• Lose Weight: Carrying excess pounds can make breathing more difficult, so losing weight if you are overweight can help improve your symptoms.
  • Exercise: Even if you don't need to lose weight, getting regular exercise—even something as simple as walking around the block—can help to improve lung function.
  • Eat Right: Avoid processed foods, junk food, and meats cured with nitrates, which are shown to exacerbate COPD symptoms. Instead, aim for healthy whole foods with lots of fruits and vegetables.
  • Avoid Triggers: Identifying and avoiding things that aggravate your lungs can help to prevent a COPD flare-up. While COPD triggers are different for everyone, common triggers include cigarette smoke, dust, air pollution, and extreme weather (hot, cold, or humid). If you need help quitting smoking talk to your healthcare provider.
  • Stay Healthy: People with COPD are more prone to severe upper respiratory infections that lead to exacerbations of breathing problems. Prevent catching contagious illnesses by staying up to date on your vaccinations, washing your hands frequently, avoiding people who are sick, and wearing a mask in indoor public places during periods of influenza or COVID-19 outbreaks in your area.

If You Can’t Afford Your Prescriptions

The high cost of prescription medications can lead some people with COPD to substitute with OTC inhalers. If you are struggling to pay for the medications your healthcare provider prescribed, there are a few things you can do.

If you have prescription drug insurance, call to find out the preferred medications for treating COPD. These will typically have a reduced copay compared to medications in a higher tier on the prescription drug formulary. Your healthcare provider may be able to switch you to a similar medication with a lower out of pocket cost to you.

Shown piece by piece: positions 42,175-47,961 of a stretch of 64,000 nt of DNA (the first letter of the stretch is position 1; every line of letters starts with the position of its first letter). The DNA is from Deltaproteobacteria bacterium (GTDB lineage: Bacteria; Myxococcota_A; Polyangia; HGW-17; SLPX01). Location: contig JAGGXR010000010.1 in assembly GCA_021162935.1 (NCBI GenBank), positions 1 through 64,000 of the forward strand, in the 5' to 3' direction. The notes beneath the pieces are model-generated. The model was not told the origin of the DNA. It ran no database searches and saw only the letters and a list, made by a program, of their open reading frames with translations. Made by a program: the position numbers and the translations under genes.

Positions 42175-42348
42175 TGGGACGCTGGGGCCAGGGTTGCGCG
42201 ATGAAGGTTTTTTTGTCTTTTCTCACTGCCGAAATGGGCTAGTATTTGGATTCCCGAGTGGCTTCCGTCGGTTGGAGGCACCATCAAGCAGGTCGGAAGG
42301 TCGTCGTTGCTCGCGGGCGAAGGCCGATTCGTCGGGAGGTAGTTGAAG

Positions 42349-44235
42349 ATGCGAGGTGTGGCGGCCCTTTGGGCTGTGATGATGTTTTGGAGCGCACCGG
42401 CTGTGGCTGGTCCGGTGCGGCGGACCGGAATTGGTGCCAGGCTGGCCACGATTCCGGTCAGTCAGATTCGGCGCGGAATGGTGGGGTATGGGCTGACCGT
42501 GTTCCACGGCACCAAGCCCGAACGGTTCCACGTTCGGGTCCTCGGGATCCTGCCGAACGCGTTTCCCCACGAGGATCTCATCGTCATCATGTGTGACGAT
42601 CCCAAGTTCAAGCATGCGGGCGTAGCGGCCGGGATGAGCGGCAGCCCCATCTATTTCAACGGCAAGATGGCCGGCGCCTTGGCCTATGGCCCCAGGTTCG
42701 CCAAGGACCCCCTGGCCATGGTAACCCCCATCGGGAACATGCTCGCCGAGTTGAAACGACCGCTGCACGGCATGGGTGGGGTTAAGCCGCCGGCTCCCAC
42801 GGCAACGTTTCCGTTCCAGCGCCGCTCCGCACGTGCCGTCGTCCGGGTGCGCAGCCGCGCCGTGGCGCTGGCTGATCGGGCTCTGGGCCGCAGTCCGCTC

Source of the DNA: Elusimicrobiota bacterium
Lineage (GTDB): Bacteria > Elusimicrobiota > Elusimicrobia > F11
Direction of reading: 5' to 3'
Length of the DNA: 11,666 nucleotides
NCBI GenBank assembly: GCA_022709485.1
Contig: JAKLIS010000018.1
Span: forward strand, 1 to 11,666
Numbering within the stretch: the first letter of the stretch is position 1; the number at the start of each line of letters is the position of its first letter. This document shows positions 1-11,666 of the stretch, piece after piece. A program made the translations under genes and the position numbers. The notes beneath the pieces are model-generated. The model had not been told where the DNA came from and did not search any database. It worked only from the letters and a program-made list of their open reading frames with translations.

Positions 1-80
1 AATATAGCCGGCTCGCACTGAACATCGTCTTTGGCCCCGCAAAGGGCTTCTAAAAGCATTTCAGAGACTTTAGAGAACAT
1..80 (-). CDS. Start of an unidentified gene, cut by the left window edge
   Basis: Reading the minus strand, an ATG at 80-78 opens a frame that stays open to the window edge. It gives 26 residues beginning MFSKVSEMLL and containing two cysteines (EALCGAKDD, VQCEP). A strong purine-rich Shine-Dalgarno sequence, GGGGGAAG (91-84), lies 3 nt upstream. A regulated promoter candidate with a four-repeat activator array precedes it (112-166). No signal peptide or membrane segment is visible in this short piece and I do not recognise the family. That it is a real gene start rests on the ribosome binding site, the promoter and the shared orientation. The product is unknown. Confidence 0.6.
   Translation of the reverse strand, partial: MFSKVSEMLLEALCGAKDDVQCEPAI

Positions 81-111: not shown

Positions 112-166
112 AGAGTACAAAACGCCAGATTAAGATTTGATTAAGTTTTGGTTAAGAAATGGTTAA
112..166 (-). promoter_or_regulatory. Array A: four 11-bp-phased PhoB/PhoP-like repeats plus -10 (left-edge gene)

In addition, the patents on several COPD medications have expired in recent years, opening the market to lower-priced generic drugs that your healthcare provider can prescribe instead. These include:

  • Short-acting bronchodilators: Ventolin, Xopenex, and Proair
  • Combination LABA and corticosteroids: AirDuo (fluticasone/salmeterol), which is comparable to Advair Diskus
  • Inhaled corticosteroids: Pulmicort (budesonide)

Many pharmacies and drug companies also offer coupons that can save you money on your medications with prescription discount cards, such as GoodRx or RxSaver. The following COPD drug manufactures offer programs that can help offset the cost of treatment:

  • AstraZeneca has prescription discount programs for eligible patients for the drugs Pulmicort and Symbicort (budesonide/formoterol).
  • GlaxoSmithKline offers assistance to patients without insurance or with Medicare Part D for Advair (fluticasone propionate), Breo Elipta (fluticasone/vilanterol), Flovent (fluticasone propionate), and Serevent (salmeterol).
  • Merck has a program that provides medications free of charge to eligible patients including Asmanex (mometasone), Dulera (mometasone/formoterol), and Proventil.
  • TEVA Pharmaceuticals provides discounts for eligible patients through the TEVA Cares Foundation for both ProAir and QVAR (beclomethasone dipropionate).
8 Sources
Verywell Health uses only high-quality sources, including peer-reviewed studies, to support the facts within our articles. Read our editorial process to learn more about how we fact-check and keep our content accurate, reliable, and trustworthy.
  1. U.S. National Library of Medicine: DailyMed. Primatene Mist.

  2. Nici L, Mammen MJ, Charbek E, et al. Pharmacologic Management of Chronic Obstructive Pulmonary Disease. An Official American Thoracic Society Clinical Practice Guideline. Am J Respir Crit Care Med. 2020;201(9):e56-e69. doi:10.1164/rccm.202003-0625ST

  3. U.S. National Library of Medicine: MedlinePlus. Epinephrine oral inhalation.

  4. Food & Drug Administration. FDA statement on approval of OTC Primatene Mist to treat mild asthma.

  5. Billington CK, Penn RB, Hall IP. β AgonistsHandb Exp Pharmacol. 2017;237:23-40. doi:10.1007/164_2016_64

  6. American Academy of Allergy, Asthma, and Immunology. Why Primatene Mist may not be the best medicine.

  7. Global Initiatve of Obstructive Lung Disease (GOLD). Pocket guide to COPD diagnosis, management, and prevention—2020 Edition.

  8. Varraso R, Camargo CA Jr. Processed meat consumption and lung health: more evidence for harmEur Respir J. 2014;43(4):943-946. doi:10.1183/09031936.00228213

By Lauren Van Scoy, MD
Lauren Van Scoy, MD, is a board-certified physician in internal medicine, pulmonary medicine, and critical care.